Mint can be harvested at any time, but it’s a good idea to get yourself on a regular harvesting schedule so that it doesn’t get too out of hand. You can harvest the tips regularly and also remove wayward runners. Mint will produce small flowers between June and September -you should try to trim these off before the buds have opened, which will keep the plant producing.
Mint is frost tolerant but does usually die back in zones cooler than eight. Many varieties of mint will overwinter and reappear in zones as cold as zones 3! I have a large patch of mint here, in zone 4, that I didn’t think would make it through last year’s harsh winter – but lo and behold, it did – and it’s taking over the rest of my herb bed!
You should lift and replant your mint every few years. This will help limit some of the invasive behavior and also keep the scent strong and viable.
When you are harvesting your mint leaves – which can be cut at any time – you should wait until just before the plant blooms and then cut the whole plant above the first r second set of leaves. This will remove the yellowing, older leaves to promote bushier growth. You can usually get several harvests of mint in one season.
10. Mint has a ton of uses in the kitchen.
Mint has a place in any cook’s kitchen, and with a variety of culinary and medicinal benefits, I think it’s an herb everybody should grow, too. It attracts pollinators and helps repel pests in the garden. It’s also delicious when placed atop fish, lamb, poultry, and vegetables.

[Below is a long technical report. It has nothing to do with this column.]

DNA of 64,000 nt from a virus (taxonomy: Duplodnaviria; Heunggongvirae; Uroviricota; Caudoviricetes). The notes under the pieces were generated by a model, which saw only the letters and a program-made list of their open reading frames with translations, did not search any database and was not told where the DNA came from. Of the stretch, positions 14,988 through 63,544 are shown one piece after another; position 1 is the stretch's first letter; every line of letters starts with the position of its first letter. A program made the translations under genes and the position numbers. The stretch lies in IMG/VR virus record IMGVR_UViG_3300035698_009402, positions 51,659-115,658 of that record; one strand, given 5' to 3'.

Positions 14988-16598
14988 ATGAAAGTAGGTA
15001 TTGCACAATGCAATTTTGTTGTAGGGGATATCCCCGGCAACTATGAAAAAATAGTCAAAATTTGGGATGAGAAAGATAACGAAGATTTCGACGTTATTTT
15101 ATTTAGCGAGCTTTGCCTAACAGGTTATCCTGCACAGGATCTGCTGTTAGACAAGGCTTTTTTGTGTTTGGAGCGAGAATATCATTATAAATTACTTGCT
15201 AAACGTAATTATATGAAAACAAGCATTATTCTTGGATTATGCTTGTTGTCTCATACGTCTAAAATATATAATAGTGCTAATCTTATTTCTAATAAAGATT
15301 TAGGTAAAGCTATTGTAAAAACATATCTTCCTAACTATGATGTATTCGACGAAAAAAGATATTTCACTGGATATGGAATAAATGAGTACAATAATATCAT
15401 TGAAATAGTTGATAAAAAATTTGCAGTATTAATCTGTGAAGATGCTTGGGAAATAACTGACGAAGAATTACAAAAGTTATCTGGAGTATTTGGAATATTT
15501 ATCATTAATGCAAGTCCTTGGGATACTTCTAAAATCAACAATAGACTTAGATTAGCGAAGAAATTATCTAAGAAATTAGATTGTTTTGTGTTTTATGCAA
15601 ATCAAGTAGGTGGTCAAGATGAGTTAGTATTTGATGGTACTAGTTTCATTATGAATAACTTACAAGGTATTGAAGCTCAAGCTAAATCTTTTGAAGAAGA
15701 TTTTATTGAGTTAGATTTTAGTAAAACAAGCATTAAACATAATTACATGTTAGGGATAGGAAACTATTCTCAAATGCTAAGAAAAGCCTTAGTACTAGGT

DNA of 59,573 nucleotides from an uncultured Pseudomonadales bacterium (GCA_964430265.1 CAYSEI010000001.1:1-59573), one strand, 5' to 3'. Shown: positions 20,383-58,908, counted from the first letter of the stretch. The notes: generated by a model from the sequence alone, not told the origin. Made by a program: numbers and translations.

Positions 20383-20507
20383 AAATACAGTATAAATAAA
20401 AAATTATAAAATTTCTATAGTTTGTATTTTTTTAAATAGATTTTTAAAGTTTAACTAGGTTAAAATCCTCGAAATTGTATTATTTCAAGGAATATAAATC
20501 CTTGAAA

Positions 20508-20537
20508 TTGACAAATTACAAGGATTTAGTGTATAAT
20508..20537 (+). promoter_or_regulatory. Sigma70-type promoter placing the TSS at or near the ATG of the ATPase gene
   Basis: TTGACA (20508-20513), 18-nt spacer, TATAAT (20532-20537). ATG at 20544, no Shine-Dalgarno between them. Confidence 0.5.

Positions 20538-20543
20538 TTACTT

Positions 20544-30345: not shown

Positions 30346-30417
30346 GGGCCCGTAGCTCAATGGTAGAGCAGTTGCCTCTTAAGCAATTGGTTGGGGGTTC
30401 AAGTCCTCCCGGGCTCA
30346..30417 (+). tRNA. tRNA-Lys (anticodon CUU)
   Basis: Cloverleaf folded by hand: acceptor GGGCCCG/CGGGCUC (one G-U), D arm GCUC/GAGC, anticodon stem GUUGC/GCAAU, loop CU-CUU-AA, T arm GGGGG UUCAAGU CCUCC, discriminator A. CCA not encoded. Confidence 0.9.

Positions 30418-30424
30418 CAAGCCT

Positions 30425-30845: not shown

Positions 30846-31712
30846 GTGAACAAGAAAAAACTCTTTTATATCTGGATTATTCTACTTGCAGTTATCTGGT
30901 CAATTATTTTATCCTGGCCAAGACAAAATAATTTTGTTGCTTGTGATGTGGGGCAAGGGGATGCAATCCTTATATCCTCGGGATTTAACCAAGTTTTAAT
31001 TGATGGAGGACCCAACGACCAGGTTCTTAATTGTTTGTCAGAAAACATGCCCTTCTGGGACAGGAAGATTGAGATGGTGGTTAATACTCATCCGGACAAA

My favorite use for mint is to use it in a tea. I make my own tea bags by placing dehydrated mint leaves between coffee filters and then securing them with twine. You might also consider using mint in classic drinks like mojitos and mint juleps!
I find it easiest to dehydrate my mint and then store it in Ball jars but you could also freeze your mint. Either way, the flavor holds up quite well in storage.
Here are some of my favorite mint recipes:
- Mint Simple Syrup
- Mint Brownies
- Watermelon Salad with Feta and Mint
- Mint Tea
- Chocolate Mint Smoothie
- Mint Sauce for Lamb
- Greek Grilled Chicken
So there you have it! Everything you need to know to grow your own mint. Get started now by picking up some seeds here.
What other tips do you have for growing mint? Subscribe to our email newsletter for regular tips and tricks on homesteading – wherever you are. You can also follow us on Instagram (@jrpiercefamilyfarm) and Pinterest (J&R Pierce Family Farm) for frequent updates. Happy homesteading!
Want to learn more about gardening? Check out these articles for further reading.
- The Best Tips for Growing Chamomile in Your Garden
- Do I Really Need To Eat Organic?
- 12 Tips for Keeping Your Garden Organized
- 8 Reasons Why You Need a Hoophouse or High Tunnel On Your Farm
- The 25 Herbs You Should Be Growing At Home Now